fully adult animals have this condition. One adult female, no. 36959,
has the upper third molar on the right side missing, possibly as a
result of bone erosion.

These mice were taken in junglelike forest, in rocks and adjacent to
logs. Schaldach writes that "Their burrows go back under the large
limestone blocks, and each burrow where I caught a mouse has a pile of
excavated earth, like a tiny gopher mound." The trapping area was at an
elevation of approximately 2800 feet on the steep sides of a small hill
on top of which the field camp was situated. Schaldach indicated that
this locality was transitional between arid tropical and humid tropical
conditions. On January 13, 1950, a female taken was lactating and had
five recent placental scars; another taken the same day also had five
placental scars.

     _Measurements._--Average and extreme measurements of seven
     adult males and six adult females of _P. ochraventer_ from
     the type locality are, respectively, as follows: Total
     length, 238.0 (227-249), 236.5 (226-248); length of tail,
     124.4 (117-127), 122.2 (116-128); length of hind foot, 25.6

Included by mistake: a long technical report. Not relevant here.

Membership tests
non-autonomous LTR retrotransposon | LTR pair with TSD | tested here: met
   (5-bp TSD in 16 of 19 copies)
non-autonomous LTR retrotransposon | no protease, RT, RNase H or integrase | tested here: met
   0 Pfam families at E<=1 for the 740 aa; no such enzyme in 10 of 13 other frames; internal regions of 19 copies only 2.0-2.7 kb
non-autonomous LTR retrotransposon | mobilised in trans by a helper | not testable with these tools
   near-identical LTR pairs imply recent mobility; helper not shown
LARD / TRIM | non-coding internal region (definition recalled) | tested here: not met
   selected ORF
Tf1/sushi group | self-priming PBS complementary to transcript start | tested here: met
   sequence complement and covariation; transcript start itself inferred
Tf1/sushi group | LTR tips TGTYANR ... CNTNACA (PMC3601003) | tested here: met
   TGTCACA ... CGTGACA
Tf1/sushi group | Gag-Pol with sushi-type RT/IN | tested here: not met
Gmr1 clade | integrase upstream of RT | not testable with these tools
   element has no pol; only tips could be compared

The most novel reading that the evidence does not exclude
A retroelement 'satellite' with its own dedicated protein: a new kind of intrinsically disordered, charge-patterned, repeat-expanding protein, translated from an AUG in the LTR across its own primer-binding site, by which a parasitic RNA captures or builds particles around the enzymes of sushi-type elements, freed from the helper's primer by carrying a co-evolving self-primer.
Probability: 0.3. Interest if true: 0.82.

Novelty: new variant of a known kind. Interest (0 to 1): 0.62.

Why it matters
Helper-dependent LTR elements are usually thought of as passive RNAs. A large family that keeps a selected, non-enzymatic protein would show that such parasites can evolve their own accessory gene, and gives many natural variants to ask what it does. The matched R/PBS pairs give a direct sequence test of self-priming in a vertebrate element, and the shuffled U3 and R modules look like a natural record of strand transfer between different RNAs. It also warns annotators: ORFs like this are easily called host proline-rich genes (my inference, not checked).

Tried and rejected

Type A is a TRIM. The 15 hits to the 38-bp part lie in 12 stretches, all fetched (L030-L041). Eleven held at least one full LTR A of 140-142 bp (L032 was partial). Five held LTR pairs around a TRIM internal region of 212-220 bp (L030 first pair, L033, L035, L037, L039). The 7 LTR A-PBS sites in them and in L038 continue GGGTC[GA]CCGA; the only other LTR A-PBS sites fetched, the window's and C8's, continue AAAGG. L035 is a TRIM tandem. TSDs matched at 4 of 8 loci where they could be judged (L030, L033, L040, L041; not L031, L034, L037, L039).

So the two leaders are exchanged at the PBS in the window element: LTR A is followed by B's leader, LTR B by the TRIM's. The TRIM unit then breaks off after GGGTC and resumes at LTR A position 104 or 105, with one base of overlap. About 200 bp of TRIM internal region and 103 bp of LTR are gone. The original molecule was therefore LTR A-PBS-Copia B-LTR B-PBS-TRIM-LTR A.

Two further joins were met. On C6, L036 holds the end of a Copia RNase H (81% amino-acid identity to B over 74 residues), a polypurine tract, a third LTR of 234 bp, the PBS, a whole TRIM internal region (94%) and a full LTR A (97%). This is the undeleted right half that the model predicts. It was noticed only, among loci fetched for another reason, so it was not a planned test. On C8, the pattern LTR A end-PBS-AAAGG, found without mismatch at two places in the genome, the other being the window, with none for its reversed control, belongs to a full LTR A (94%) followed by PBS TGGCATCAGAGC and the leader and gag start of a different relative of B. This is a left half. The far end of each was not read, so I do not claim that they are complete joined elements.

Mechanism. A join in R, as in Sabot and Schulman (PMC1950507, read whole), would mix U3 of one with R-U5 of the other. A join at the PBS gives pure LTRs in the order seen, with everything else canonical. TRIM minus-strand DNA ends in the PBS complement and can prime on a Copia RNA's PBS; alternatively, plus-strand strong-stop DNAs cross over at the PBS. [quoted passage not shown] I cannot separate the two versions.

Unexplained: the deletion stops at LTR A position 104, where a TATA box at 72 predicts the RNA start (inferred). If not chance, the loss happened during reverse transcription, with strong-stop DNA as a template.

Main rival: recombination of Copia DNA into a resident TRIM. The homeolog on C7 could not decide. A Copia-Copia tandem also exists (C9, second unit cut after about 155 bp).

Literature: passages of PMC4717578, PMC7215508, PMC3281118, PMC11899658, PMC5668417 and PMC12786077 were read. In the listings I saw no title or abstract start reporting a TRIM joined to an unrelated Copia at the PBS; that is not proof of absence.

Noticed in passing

(24-26), 25.5 (25-26); length of ear from notch, 20.9
     (20-21), 20.7 (20-21); greatest length of skull, 31.0
     (30.6-31.9), 30.8 (30.5-31.0); basilar length, 23.3
     (22.7-23.8), 23.4 (23.0-23.9); zygomatic breadth, 15.1
     (14.6-15.7), 15.0 (14.9-15.2); post palatal length, 10.6
     (10.5-10.9), 10.9 (10.5-11.2); interorbital breadth, 4.7
     (4.5-4.9), 4.7 (4.6-4.8); mastoidal breadth, 12.8
     (12.4-13.2), 12.8 (12.6-12.9); length of nasals, 11.6
     (10.8-12.0), 11.6 (11.2-11.7); length of shelf of bony
     palate, 4.7 (4.5-4.8), 4.6 (4.5-4.7); length of palatine
     slits, 6.3 (6.0-6.5), 6.2 (6.0-6.4); length of diastema, 8.2
     (8.0-8.5), 8.2 (8.1-8.4); alveolar length of upper
     molariform tooth-row, 4.4 (4.3-4.6), 4.4 (4.3-4.5).

     _Specimens examined_, 28, from the type locality.


~Oryzomys couesi aquaticus~ Allen

Coues Rice Rat

     _Oryzomys aquaticus_ Allen, Bull. Amer. Mus. Nat. Hist.,
     3:289, June 30, 1891. (Type from Brownsville, Cameron
     County, Texas.)

     _Oryzomys couesi aquaticus_ Goldman, N. Amer. Fauna, 43:39,
     September 23, 1918.